Business

How To Grow A Creator Business

Nicholas Verge
April 21, 2024
5 min read

Writing a high-converting sales letter is both an art and a science. 

Everyone poo poos sales letters saying they’re ancient and no one reads them, but this is really just a sign of someone not knowing what they’re talking about.

The highest grossing sales letter I ever wrote pulled $5M in 2 weeks, so yeah, they still work.

After years of experience writing these things when I was solely a direct response copywriter, I’ve been able to distill the most important lessons I learned into four essential rules. 

Follow these rules, and your work will be read by eager buyers who are excited to hit the buy now button.

Ignore these rules, and your work will be read by people who could not care less about your product.

The choice is yours

Rule 1: The Success of Your Sales Letter is Determined Before You Even Write It

I've seen it time and time again where people want to write a sales letter, but the problem is that they are writing to people who aren't enthusiasts of whatever you’re writing about.

You have to understand that sales letters don’t work on someone who's not already a part of your market. 

Let’s say you’re selling some crazy Alaskan fishing trip retreat.

If your audience aren't already into fishing, why would they bother reading 12 pages about your topic? That's where most people fail to grasp why sales letters work in the first place. The style of your copy (short form vs. long form) matters quite a bit.

Sales letters are best with niche interests.

Take a company like Agora for example. They were incredibly successful because they targeted people who were actively looking for investment advice. 

Their audience wanted to improve their ability to invest, maybe even retire successfully. They were primed to read lengthy advice.

But someone who's not invested at all in your industry? 

They don't give a shit. 

You're not going to magically turn their lack of desire into beaming desire because of your headline. They'll scroll and see a mile long letter and think, "Ugh, I don't want to read that." 

So again, the success of your sales letter is dependent on the decisions you make before you write it.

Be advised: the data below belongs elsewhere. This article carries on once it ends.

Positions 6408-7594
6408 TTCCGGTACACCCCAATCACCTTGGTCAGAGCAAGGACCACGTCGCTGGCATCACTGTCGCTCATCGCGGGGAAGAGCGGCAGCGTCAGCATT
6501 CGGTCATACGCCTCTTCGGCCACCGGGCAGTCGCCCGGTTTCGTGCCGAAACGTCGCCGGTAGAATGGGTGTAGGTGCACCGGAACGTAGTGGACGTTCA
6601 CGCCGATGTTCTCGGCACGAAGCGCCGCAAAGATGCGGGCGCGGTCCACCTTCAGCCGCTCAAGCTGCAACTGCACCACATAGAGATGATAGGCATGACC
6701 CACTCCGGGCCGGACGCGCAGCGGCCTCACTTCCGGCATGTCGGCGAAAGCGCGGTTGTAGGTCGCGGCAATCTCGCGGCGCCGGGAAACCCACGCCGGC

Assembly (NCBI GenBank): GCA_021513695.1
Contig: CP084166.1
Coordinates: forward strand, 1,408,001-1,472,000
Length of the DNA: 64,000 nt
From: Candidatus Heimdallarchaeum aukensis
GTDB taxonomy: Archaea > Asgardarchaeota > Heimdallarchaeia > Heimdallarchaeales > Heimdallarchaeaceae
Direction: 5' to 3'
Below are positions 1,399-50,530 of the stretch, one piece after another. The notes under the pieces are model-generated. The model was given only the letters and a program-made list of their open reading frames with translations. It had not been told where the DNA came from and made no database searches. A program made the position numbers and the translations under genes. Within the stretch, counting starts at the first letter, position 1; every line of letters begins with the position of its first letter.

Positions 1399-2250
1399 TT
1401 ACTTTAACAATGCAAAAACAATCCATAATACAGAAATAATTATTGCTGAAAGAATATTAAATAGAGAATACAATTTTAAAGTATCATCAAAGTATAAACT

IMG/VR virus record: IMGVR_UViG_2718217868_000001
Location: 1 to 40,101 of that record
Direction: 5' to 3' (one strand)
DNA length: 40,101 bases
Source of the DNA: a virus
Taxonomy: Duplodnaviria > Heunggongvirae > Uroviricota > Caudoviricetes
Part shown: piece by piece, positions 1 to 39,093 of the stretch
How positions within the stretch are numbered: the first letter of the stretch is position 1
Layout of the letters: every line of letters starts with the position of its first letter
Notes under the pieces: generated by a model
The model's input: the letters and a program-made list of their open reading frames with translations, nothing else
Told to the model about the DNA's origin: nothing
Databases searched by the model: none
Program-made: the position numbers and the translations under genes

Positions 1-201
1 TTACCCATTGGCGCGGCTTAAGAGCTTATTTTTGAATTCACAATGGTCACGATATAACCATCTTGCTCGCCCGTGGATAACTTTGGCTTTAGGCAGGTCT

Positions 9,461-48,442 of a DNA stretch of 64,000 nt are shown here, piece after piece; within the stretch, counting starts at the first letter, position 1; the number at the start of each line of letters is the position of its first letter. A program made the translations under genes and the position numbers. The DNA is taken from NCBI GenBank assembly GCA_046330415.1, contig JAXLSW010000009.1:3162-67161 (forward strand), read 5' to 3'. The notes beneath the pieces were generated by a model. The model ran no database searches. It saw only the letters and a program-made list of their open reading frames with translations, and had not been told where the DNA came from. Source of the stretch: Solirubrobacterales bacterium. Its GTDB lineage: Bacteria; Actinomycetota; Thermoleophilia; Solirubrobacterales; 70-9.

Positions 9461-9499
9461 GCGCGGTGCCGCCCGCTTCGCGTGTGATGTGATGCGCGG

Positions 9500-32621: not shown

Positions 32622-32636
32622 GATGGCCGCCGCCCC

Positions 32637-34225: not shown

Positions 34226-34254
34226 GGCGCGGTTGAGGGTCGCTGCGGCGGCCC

What audience are you writing towards? 

Who are you working with? 

Who are you going after? 

That determines a huge part of your success. Choose your audience wisely.

Rule 2: Focus on the Prospect, Not the Product

I've noticed this issue across the board in all forms of sales copy. 

Whenever I read a piece and think, "This could be better," it's usually because they focus so much on their product that the reader doesn't have any real reason to want to buy it (unless they've already 100% been sold on it beforehand). 

Here's the thing - if you're not talking about the prospect, their problems, their desires, and what life would be like on the other side of achieving their desired results, you're going to lose people's interest fast. 

Readers won't relate and they won't feel understood. 

Let me give you an analogy.

There's a guy I know who, whenever we're out at a social event, always makes the entire conversation about him. It's never about anyone else. God forbid anyone else talk about themselves or share something. He always redirects it back to himself. As a result, everyone thinks he's a dickhead.

In fact, he recently sent out a text that basically said, "Hey, do you not like me? What have I done? I just want to know the mistakes I've made so I can be better in the future." And get this - he copy and pasted that exact message to eight different people. Hilarious.

But it perfectly illustrates my point. He talks about himself constantly and everything is always about him. As a result, no one gives a shit. He doesn't get any help from friends because he's seen as a self-absorbed jerk.

The same principle applies to your sales letters. 

Focus on the prospect, don't just talk about your product non-stop. 

Tap into their world, show that you understand them, paint a picture of what's possible, and you'll hold their attention. 

Make it about them.

Rule 3: About 80% of Your Sale is Dependent on the Lead and Introduction

This is a startling realization for many, but it's absolutely true. 

The majority of people are not going to read your sales letter in its entirety.

Very few will start from the beginning and diligently read all 12 pages straight through to the end. That's just not how people operate, especially in our attention-deficit world.